The prosecution case against Edgar A. Poe looks a strong one. Taken in by the Richmond tobacco broker John Allan when left orphaned at the age of two by the death of his actress mother Eliza, brought up as a member of the family and sent to the University of Virginia, he responded by running up gambling debts and drinking, so that he left after a year. Abandonment after a few months of the Army career he had chosen involved more debts to be paid by Allan, who for the three years of life remaining to him was intermittently though unsuccessfully dunned by the young man he condemned as ‘destitute of honor & principle every day of his life has only served to confirm his debased nature’.
In the years of journalistic hackwork that followed he fell out with almost every editor and proprietor who employed him, and borrowed money he had no hope of repaying. His criticism was notable for savage attacks made on contemporaries, but when challenged he often denied writing them. He accused Longfellow and others of plagiarism, yet himself lifted chunks of prose from journals and encyclopedias. Although priding himself on unflinching personal integrity, he was prepared to write pieces in praise of the most wretched poetasters in exchange for financial support. Even so, he failed to provide for the 13-year-old cousin he married, and her mother who lived with them, partly due to his drinking bouts. Under the prosecutor’s eye he can be made to look like a less amiable Dylan Thomas.
The merit of the stories and poems called in to excuse or justify such a life has also been questioned. D.H. Lawrence called ‘The Fall of the House of Usher’ an overdone and vulgar fantasy. Yvor Winters said Poe’s was an art for servant girls. Both Henry James and T.S. Eliot used the deadly word ‘provincial’. Auden condemned a sentence from ‘William Wilson’ as vague and verbose, and Aldous Huxley summed up Poe as ‘one of Nature’s Gentlemen, unhappily cursed with incorrigible bad taste ... diamond rings on every finger proclaim the parvenu.’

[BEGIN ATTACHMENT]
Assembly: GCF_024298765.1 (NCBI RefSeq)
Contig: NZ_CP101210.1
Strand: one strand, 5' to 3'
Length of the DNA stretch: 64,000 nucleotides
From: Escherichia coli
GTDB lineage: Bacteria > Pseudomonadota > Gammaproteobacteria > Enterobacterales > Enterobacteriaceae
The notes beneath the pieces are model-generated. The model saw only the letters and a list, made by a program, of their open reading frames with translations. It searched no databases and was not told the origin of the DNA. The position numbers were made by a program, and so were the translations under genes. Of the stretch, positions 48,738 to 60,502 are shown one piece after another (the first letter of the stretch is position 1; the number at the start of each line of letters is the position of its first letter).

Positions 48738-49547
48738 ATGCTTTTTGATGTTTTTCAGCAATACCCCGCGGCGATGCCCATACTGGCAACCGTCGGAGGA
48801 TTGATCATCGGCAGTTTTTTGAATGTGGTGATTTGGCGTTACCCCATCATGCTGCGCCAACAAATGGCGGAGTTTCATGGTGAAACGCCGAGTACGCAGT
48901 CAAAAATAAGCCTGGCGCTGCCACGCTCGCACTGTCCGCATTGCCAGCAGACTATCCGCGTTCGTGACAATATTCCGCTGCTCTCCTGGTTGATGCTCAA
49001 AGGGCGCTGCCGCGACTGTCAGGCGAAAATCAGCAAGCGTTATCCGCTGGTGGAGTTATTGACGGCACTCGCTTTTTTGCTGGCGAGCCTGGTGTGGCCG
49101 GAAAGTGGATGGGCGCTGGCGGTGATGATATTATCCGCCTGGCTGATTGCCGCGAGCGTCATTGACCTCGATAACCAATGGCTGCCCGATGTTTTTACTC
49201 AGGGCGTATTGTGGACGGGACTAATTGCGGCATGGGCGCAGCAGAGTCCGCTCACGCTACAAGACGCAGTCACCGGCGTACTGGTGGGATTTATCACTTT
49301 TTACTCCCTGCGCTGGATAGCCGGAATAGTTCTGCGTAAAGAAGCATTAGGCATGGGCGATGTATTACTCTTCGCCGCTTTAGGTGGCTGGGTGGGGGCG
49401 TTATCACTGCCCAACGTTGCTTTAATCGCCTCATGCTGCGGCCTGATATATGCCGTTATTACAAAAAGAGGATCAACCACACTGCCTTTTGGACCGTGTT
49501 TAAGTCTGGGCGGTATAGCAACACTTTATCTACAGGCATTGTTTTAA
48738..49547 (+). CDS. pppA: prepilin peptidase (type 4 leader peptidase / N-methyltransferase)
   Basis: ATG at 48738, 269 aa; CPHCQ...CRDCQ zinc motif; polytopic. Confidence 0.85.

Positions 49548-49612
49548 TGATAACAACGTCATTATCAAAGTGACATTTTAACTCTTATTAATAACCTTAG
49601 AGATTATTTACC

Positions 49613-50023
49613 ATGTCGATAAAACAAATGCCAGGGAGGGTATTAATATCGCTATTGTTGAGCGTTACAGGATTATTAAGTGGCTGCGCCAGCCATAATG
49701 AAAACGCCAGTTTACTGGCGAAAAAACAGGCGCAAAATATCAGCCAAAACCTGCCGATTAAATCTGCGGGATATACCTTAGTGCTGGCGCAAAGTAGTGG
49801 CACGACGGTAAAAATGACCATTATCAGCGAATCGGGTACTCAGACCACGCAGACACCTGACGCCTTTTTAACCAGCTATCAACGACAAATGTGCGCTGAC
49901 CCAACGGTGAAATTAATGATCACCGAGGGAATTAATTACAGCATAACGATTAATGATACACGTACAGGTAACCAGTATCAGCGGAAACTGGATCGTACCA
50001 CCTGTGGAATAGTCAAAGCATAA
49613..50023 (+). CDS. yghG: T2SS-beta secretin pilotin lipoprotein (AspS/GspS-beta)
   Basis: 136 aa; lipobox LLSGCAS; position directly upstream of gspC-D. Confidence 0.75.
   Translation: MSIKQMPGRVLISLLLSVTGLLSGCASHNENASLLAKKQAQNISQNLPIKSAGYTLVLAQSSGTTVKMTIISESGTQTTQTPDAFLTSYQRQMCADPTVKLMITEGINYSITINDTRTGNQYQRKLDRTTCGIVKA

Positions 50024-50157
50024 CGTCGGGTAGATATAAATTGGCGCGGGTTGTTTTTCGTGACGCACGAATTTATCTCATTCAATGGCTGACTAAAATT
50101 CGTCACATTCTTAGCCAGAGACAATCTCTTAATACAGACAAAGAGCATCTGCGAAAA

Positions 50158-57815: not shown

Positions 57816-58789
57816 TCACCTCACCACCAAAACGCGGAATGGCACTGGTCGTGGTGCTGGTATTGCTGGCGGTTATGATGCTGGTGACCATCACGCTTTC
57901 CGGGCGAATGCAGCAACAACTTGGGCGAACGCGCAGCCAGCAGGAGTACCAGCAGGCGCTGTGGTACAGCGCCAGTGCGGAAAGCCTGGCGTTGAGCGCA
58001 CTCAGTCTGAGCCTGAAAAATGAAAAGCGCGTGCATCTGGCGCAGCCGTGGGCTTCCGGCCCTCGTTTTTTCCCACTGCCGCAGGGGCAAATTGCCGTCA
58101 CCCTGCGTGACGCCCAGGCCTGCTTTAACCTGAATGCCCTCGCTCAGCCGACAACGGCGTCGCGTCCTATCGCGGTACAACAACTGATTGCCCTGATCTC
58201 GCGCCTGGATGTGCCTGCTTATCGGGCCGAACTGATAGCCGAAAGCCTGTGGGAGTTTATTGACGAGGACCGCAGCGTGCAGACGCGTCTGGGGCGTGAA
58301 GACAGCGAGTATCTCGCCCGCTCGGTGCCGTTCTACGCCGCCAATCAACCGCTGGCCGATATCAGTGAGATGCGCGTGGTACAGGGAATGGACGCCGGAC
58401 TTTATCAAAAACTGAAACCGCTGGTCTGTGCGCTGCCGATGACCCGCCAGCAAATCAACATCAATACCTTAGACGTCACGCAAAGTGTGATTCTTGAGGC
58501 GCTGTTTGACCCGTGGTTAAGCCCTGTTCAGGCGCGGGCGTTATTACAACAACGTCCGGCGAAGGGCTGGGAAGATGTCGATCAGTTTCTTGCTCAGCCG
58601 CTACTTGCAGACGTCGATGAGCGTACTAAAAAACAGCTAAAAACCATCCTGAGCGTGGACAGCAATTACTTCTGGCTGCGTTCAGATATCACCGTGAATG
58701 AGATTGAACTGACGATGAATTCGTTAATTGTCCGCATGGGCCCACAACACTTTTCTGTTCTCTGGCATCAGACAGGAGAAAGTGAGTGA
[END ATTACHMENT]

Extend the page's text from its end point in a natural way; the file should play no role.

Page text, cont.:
An admirer should begin by acknowledging the force of the case against Poe. Those who detest any tinge of Gothic will have no time for the stories, those who find only windy rhetoric in Swinburne are likely to think ‘The Raven’ and ‘Ulalume’ merely ludicrous. But Auden’s remark about that verbose sentence is followed by his acknowledgment that it shows perfectly the narrator ‘in his real colours, as the fantastic self wno hates and refuses contact with reality.’ The combination of that reality-hating self with a relentlessly logical mind finicky in its demand for accuracy gives Poe’s most outrageous stories their unique flavour, and his passionate belief in the importance of prosodic and metrical originality helps the poems to survive their occasional absurdity. Poe’s hopes or dreams were set in a never-never land like that of ‘The Domain of Arnheim’, where a rich man creates a perfect land-scape, but his feet were set in the actual existence in which he worked out the puzzles that are the first true detective stories. In the world of Arnheim the landscape creator had a fortune of $450 million that, as Poe worked out in one of his typically exact calculations, brought him $1541 an hour. When ‘The Murders in the Rue Morgue’ appeared in Graham’s Magazine its author was paid at the rate of $4 per 600-word page, perhaps $50 in all.
One merit of Professor Silverman’s biography is that it is almost wholly factual, reminding us that to his contemporaries Poe was known and feared as a sharp, at times venomous critic, much less regarded as a poet and writer of stories in tune with the current fashion for Gothic horror. And this reflected Poe’s own estimate of his talents. No doubt he thought highly of everything he wrote (though he employed the kind of doublethink that allowed him at one moment to exult about the success of ‘The Raven’ and at the next to deprecate it as a mere metrical experiment), but it was as an editorial critic-dictator of the American literary scene that he chiefly wished to be regarded. In the erratic course of his life as a journalist in America’s Grub Street one wish was constant: to have complete editorial control over his own magazine.